The COVID-19 pandemic in 2020‒2021 disrupted the operations of higher education institutions, with notable effects on revenue streams. After declining in 2020, the amount of money collected from tuition fees jumped by 21,6% in 2021.
Tuition fees are the second biggest source of revenue cash flows
South Africa’s 26 higher education institutions depend on three main sources of revenue, according to the Financial statistics of higher education institutions statistical release.1 In 2021 the second biggest source of money after government grants was tuition fees, accounting for 36% of total revenue (Figure 1). Government grants contributed 47%, while the remainder was from other sources, such as donations and research income. Not to be confused with social grants, government grants are financial transfers between government institutions.
Mangosuthu University of Technology, based in Durban, depends the most on tuition fees. For every R100 of revenue generated or received by the institution in 2021, R56 was in the form of student fees. Durban University of Technology received half of its income from tuition fees in the same year.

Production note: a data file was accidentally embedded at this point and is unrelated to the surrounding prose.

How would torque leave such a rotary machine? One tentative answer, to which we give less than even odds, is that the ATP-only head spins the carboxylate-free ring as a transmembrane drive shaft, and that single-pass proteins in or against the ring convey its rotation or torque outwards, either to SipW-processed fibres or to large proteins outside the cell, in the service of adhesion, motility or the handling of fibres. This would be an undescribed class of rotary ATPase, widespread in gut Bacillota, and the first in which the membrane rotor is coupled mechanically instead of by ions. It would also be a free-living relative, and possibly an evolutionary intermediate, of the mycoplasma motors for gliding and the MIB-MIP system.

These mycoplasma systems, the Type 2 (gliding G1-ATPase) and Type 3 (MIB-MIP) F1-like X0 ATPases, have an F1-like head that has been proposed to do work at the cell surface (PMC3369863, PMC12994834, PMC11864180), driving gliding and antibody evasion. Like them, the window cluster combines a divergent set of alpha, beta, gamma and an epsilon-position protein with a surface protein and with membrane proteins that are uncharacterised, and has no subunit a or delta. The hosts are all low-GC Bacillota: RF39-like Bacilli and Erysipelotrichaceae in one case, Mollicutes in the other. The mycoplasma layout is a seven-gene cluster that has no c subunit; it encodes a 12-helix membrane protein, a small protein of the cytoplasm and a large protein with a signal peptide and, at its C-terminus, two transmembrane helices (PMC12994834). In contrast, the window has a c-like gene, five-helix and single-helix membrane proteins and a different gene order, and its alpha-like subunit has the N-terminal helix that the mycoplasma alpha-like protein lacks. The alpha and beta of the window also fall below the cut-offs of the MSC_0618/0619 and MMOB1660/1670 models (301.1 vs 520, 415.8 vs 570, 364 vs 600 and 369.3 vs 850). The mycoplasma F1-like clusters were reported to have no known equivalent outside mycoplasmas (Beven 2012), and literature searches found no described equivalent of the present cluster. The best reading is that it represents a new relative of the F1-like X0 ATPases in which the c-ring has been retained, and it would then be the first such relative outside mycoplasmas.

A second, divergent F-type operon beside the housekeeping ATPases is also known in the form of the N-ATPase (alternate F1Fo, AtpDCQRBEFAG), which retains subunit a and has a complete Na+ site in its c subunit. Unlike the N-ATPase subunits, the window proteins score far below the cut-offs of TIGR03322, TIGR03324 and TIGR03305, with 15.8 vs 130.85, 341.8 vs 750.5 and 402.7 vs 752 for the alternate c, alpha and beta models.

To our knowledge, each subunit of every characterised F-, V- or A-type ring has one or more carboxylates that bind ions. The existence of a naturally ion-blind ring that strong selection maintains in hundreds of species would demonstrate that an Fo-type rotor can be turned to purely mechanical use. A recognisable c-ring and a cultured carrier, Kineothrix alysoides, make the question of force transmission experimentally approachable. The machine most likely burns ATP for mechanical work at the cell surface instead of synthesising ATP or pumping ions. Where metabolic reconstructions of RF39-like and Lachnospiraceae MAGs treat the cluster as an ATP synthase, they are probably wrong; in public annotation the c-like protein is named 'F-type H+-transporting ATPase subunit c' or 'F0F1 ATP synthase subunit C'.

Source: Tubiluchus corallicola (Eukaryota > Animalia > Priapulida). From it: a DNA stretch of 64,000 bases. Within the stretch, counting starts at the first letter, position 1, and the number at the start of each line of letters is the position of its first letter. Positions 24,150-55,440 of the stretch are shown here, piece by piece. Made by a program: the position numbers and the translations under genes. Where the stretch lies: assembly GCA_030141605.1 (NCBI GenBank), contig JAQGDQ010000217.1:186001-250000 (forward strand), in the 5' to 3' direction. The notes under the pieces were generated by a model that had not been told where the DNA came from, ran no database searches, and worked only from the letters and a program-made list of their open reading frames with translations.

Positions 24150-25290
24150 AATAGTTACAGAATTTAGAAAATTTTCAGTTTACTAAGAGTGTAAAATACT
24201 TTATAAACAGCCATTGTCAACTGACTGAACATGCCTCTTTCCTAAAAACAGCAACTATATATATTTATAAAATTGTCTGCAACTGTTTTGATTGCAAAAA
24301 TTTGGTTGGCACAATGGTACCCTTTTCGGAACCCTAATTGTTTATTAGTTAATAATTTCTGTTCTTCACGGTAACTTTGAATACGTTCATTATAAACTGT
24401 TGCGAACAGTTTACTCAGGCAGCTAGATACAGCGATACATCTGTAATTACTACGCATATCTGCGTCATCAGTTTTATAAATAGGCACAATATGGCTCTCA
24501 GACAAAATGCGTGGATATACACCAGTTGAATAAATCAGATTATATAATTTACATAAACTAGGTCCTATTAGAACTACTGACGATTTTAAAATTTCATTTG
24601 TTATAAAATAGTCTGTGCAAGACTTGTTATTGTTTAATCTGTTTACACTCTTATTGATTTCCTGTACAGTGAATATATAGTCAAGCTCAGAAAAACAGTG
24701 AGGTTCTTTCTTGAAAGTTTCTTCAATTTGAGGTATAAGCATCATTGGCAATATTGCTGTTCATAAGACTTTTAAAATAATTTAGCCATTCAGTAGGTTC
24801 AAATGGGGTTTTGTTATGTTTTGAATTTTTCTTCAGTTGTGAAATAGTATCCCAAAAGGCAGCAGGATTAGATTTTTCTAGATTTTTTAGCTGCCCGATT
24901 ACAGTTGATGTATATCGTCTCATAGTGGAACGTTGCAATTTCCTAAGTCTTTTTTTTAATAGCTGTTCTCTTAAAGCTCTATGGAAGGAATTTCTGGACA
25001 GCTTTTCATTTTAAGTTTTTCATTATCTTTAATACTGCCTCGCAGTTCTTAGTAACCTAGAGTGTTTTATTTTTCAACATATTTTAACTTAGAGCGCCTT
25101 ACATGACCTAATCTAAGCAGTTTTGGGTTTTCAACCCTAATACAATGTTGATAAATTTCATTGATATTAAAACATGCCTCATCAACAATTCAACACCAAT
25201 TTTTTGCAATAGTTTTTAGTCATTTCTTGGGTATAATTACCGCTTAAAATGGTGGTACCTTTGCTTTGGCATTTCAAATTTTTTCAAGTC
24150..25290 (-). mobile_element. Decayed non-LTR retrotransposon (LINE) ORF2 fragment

At the other end of the scale, tuition fees accounted for 16% of total revenue received or generated by Central University of Technology in Free State. This institution relied heavily on government financing in 2021, receiving 76% of its revenue in the form of grants.
Tuition fees jump in 2021
If we consider all higher education institutions, the percentage of total revenue from tuition fees shifted from 33% in 2019 (before the pandemic) to 36% in 2021 (Figure 2). As the lockdown disrupted operations in 2020, government transfers increased while the amount received from tuition fees declined.2
As institutions began reopening their doors of learning in 2021, the situation reversed. Government grants declined while the amount collected from tuition fees climbed significantly. This resulted in tuition fees taking up more of the revenue pie in 2021.
In rand values, tuition fees accounted for R29,3 billion of total revenue in 2019, declining to R28,8 billion in 2020 and jumping to R35,1 billion in 2021.
Breaking this down by institution, and comparing 2021 with 2019, the share of tuition fees in total revenue increased for nineteen institutions, remained stable for two, and decreased for five (Figure 2).
Central University of Technology in Free State registered the largest decline (from 35% to 16%). The institution experienced a significant fall in revenue from student fees, from R414 million in 2019 to R165 million in 2020. In 2021, the figure improved slightly to R171 million.
For more information, download the 2021 Financial statistics of higher education institutions statistical release and Excel files here.
1 The statistical release is based on data that comply with Government Finance Statistics 2014 principles, presented on a cash-flow basis.
2 Stats SA, 2021. A decline in tuition fees dents higher education revenue (read here).